Saturday, April 08, 2006

Stevens Point

I met someone recently who told me she was from Stevens Point, Wisconsin and unwittingly unlocked a floodgate on my childhood memories.

As a young violinist, I used to go to Stevens Point in the summer with my mom for Suzuki Camp. We'd stay in a dorm room at the university and eat in the dining hall and go to violin lessons and practice pretty much all day and all night long.

I feel like I can remember every detail of those trips: how hard I practiced, and how desperately I wanted the approval of my teachers and to be a Violin Superstar. The time we road-tripped with my friend Jason and his mom and she was driving all crazy and tailgating and scaring my mom to death. The friends I made from Wisconsin and Georgia and Tennessee and all over, and the letters we'd exchange after camp was over. The random talent show night where some guys did a skit to either "Mr. Roboto" or "She Blinded Me With Science" and it was, like, so cool. The dance we had one year at the end of the week, and dancing crazy to "Pour Some Sugar on Me" and wistfully watching the older, 13 and 14-year-old kids slow-dancing to "Never Tear You Apart" (a song my friend Carrie-from-Atlanta and I agreed was, without question, the Best Song Ever).

I remember the recital in Quant Gym (is that the name? it seems like it is) where all the most advanced kids got to play solos and the rest of us felt cool just to be good enough to play in the Fiocco Allegro finale. The year Dr. Suzuki himself came and played and was so small and fragile-looking and funny and my mom bought me a sweatshirt with a quote of his on it that said, "When love is deep, much can be accomplished."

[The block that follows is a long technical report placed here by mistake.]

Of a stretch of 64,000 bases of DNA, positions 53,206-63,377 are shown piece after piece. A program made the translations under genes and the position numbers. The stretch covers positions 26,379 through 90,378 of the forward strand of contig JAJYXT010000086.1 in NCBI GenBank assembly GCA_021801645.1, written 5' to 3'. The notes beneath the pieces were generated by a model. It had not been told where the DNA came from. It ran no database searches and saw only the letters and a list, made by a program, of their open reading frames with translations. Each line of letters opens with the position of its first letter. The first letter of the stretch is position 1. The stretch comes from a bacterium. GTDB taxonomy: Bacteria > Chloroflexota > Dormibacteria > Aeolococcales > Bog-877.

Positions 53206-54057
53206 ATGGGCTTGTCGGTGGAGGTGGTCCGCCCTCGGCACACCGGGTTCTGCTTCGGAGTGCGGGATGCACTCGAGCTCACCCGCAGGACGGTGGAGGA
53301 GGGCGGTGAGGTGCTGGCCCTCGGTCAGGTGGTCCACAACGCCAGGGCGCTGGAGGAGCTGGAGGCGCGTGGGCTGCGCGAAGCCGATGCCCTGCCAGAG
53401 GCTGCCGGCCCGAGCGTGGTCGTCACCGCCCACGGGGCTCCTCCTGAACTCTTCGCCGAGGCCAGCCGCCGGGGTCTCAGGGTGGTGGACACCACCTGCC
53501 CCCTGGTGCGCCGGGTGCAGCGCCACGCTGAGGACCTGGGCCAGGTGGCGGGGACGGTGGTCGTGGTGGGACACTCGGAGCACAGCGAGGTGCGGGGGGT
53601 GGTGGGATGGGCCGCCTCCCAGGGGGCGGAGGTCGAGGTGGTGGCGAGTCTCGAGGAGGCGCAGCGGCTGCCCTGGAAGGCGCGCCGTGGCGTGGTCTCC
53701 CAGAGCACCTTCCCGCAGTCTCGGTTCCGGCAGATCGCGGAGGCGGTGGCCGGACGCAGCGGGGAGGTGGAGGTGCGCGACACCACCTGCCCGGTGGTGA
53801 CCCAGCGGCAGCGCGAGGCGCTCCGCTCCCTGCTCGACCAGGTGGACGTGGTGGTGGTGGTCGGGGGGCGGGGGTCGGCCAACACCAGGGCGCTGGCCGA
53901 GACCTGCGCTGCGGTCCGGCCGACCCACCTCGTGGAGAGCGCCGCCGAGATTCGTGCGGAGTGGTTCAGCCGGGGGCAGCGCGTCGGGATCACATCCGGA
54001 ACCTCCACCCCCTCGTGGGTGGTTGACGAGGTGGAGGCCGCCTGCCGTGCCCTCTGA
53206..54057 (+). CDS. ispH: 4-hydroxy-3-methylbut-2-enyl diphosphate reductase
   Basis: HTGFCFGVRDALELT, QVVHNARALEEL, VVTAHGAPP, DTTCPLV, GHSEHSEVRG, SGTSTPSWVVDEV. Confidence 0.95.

The first string cheese I ever had was in Stevens Point. I also got this t-shirt from my violin teacher that said, "Point Beer. It's not just for breakfast anymore." I thought it was hilarious. At, you know, age 10.

Throughout it all, I remember the time with my mom.

My mom used to always take me to this amazing doll shop in Stevens Point and get me a birthday present: at least one book of fancy paper dolls and a really nice doll. I got two Madame Alexanders and a Sasha doll over the years, and probably still have my Vivien Leigh paperdolls somewhere (I knew the costumes from all of her movies before ever seeing one of them). I loved the dolls because they were so, so beautiful, and I loved my mom for gifting me with such a special treat.

The last year I went I was actually too old for dolls, but we went and got one anyway. My new best friends (I always made friends immediately at violin camp and was quite the little ring leader) gave me such a hard time for having it, but I loved that thing defiantly. It was a big cuddly baby doll with a pink gingham dress and matching bonnet, with patent leather mary-janes and black hair and blue eyes and I named her Diana. She's still at my parents' house somewhere.

3 comments:

Erika said...

Aww, Dinah, I LOVED reading this. You do such a great job of conjuring up the memories...I feel like I was there. Awesome.

Jayson Jones said...

How dare you spell my name wrong! Try "Jayson" next time! Mom still drives like that - only now she scares her grandkids too!

Work is slow today before a 4 day weekend and I wanted to take a trip down memory lane. Been googling on "'fname lname'" and evansville". Found you!

Thanks for the trip!

Wendy Holmes said...

Wow that was really great story but in fact i liked one more thing is that the way that you have expressed your memories.. just awsome.. and it made me remind my son and his Angel Angel costume